José De Gregorio
José De Gregorio is accustomed to tackling complex problems, having at one point held three cabinet posts simultaneously while also heading the National Energy Commission. So, when Chile was rocked by a devastating earthquake in February 2010, De Gregorio, who holds an engineering degree from the University of Chile and a PhD in economics from MIT, rolled up his sleeves and got to work. He launched an aggressive plan to combat inflation and resisted exporters’ calls for a peso weakening, stating that a strong currency would instead contribute to economic stability. With domestic output and demand moderating and international economic growth slowing, inflationary pressures have eased and core inflation is under control. In July the Central Bank monetary policy committee was able to keep the benchmark interest rate unchanged for the first time since January, as economists predicted inflation would fall to 3.4% this year, well within the official target range. The nation’s economy, which grew by 5.2% in 2010 despite $30 billion in earthquake damage, is now predicted to expand by an additional 6.6% in 2011.
Although Agustin Carstens, a former IMF deputy managing director, unsuccessfully campaigned for the multilateral agency’s top post this year, he was not distracted from Mexico’s economic and financial challenges. Carstens would have been the first IMF Managing Director from an emerging market nation. His aim is to keep the Mexican economy growing, despite US sluggishness and mounting domestic violence. The US purchases more than 80% of Mexican exports. Carstens says drug violence and organized crime, which claimed almost 40,000 lives over the past four years, are shaving a percentage point off Mexico’s GDP each year.
JP Morgan Chase estimates the impact on GDP is between 1% and 1.5%. Following a 6.5% decline in 2009, the Mexican economy grew 5.4% in 2010 and Bank of Mexico predicts it will expand 4.8% this year. Mexican economists predict growth will be a more modest 4.31%. Consumer prices have reached a five-year low though, due mainly to easing consumer pressures and weakening domestic demand, with the general inflation rate expected to end the year at 3.6%-3.7%. Market players still hope Carstens and the government’s economic team will take a more proactive approach to inject dynamism into an economy that is otherwise coasting on automatic pilot.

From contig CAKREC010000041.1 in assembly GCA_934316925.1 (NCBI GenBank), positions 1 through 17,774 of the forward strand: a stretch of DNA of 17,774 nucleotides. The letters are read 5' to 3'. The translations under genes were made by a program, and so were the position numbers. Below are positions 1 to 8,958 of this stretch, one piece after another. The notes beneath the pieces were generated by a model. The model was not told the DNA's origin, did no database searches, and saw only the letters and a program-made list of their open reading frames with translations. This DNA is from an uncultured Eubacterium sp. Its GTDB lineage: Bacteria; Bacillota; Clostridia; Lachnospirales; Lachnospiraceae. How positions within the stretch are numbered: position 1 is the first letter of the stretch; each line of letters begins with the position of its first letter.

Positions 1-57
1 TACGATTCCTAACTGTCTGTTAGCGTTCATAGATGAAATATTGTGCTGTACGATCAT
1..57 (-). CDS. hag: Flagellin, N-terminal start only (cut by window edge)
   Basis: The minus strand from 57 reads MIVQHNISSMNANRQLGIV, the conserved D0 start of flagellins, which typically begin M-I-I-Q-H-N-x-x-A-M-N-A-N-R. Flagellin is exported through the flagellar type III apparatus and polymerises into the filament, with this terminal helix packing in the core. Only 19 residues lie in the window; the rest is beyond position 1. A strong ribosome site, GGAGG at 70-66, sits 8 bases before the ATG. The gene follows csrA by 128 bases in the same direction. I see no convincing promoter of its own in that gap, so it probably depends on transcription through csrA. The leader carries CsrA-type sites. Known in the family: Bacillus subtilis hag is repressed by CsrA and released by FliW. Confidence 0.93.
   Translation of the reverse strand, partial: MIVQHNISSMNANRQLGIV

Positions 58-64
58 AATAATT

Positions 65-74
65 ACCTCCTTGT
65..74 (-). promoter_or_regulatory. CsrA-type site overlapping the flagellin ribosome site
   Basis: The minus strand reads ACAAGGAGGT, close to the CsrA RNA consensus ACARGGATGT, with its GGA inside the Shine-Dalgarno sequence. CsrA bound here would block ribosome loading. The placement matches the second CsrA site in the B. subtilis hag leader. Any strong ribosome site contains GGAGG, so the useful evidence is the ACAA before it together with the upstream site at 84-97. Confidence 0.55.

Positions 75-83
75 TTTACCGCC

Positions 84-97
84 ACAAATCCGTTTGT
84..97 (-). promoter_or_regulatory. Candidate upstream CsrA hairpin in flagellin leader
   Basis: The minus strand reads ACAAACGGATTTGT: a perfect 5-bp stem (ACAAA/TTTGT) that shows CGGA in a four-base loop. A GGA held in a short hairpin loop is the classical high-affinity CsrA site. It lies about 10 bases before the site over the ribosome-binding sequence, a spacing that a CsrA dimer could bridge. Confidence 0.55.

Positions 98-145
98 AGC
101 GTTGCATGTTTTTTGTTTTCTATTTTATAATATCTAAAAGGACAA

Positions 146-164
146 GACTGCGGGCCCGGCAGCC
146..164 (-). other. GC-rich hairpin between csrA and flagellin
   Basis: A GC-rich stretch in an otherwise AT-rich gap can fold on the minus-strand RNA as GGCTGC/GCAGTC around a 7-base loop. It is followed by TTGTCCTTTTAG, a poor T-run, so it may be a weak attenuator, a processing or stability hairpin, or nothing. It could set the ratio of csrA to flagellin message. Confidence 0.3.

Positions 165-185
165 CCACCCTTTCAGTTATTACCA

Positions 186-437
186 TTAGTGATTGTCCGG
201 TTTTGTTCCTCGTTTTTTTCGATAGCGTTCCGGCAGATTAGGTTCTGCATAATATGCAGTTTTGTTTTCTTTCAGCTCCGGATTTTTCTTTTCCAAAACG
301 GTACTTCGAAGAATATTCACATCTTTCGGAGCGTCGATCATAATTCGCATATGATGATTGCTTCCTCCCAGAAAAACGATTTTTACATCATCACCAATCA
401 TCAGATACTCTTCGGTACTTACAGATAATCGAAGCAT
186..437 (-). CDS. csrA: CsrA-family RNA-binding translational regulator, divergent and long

Ben Bernanke deserves credit for conducting the first formal press conference by a Federal Reserve chairman. He proved himself to be a great communicator. There is little else in his conduct of monetary policy that is commendable, however. The central bank’s controversial policies have left the economy sputtering and the Fed’s balance sheet bloated. “The combination of high unemployment, high gas prices and high foreclosure rates is a terrible combination,” Bernanke said in his first press conference. “A lot of people are having a very tough time. So I can certainly understand why people are impatient.”
The Fed completed its $600 billion in treasury bond purchases on June 30, just as the economy’s soft patch was beginning to become a real worry. Meanwhile, the Fed’s easy-money policies were criticized around the world for contributing to rising commodity prices that threatened to result in broader inflation. Quantitative easing did drive the dollar down, but it also contributed to high oil prices and a rising US import bill. Meanwhile, banks can borrow at 0.25% and buy treasury bonds that yield 2.5%, pocketing the difference. This subsidy helps them to generate earnings and restore capital, but it doesn’t help small businesses that cannot get a loan.